YGYNO-975183; No.

of pages: 6; 4C:
Gynecologic Oncology xxx (2013) xxx–xxx

Contents lists available at ScienceDirect

Gynecologic Oncology
journal homepage: www.elsevier.com/locate/ygyno

Review

Management of low-risk early-stage cervical cancer: Should conization, simple trachelectomy, or simple hysterectomy replace radical surgery as the new standard of care?☆
Pedro T. Ramirez a,⁎, Rene Pareja b, Gabriel J. Rendón b, Carlos Millan c, Michael Frumovitz a, Kathleen M. Schmeler a
a b c

Department of Gynecologic Oncology and Reproductive Medicine, The University of Texas MD Anderson Cancer Center, Houston, TX 77030, USA Department of Gynecologic Oncology, Instituto de Cancerología Las Américas, Medellín, Colombia Department of Gynecology, Hospital Quiron, Murcia, Spain

H I G H L I G H T S • Conservative surgery is feasible in patients with low-risk early-stage cervix cancer. • Conization, simple trachelectomy, and hysterectomy are safe options for low-risk patients. • Prospective trials are ongoing evaluating role of conservative surgery: ConCerv, SHAPE, and GOG 278.

a r t i c l e

i n f o

a b s t r a c t
The standard treatment for women with early-stage cervical cancer (IA2–IB1) remains radical hysterectomy with pelvic lymphadenectomy. In select patients interested in future fertility, the option of radical trachelectomy with pelvic lymphadenectomy is also considered a viable option. The possibility of less radical surgery may be appropriate not only for patients desiring to preserve fertility but also for all patients with low-risk early-stage cervical cancer. Recently, a number of studies have explored less radical surgical options for early-stage cervical cancer, including simple hysterectomy, simple trachelectomy, and cervical conization with or without sentinel lymph node biopsy and pelvic lymph node dissection. Such options may be available for patients with low-risk early-stage cervical cancer. Criteria that define this low-risk group include: squamous carcinoma, adenocarcinoma, or adenosquamous carcinoma, tumor size b 2 cm, stromal invasion b 10 mm, and no lymph-vascular space invasion. In this report, we provide a review of the existing literature on the conservative management of cervical cancer and describe ongoing multi-institutional trials evaluating the role of conservative surgery in selected patients with early-stage cervical cancer. © 2013 Published by Elsevier Inc.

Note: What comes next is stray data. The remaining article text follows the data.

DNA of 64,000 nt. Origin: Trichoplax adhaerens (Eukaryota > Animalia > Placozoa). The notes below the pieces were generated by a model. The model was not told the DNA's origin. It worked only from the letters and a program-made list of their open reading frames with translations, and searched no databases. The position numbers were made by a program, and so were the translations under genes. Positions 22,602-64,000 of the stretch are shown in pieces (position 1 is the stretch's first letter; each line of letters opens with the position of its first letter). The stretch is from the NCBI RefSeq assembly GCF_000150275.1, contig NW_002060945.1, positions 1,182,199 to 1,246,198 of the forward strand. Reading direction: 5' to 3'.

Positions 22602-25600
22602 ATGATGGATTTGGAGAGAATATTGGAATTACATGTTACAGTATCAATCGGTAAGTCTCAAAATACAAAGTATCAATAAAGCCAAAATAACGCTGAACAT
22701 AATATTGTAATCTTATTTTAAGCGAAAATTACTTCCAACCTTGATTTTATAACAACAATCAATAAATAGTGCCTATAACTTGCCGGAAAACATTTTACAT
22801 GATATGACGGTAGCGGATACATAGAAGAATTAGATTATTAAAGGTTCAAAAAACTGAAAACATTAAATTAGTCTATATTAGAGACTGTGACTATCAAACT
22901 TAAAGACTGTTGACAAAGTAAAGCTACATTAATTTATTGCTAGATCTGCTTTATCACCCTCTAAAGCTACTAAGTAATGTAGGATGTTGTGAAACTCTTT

Article history: Received 24 June 2013 Accepted 7 September 2013 Available online xxxx Keywords: Cervical cancer Conization Simple hysterectomy Simple trachelectomy Conservative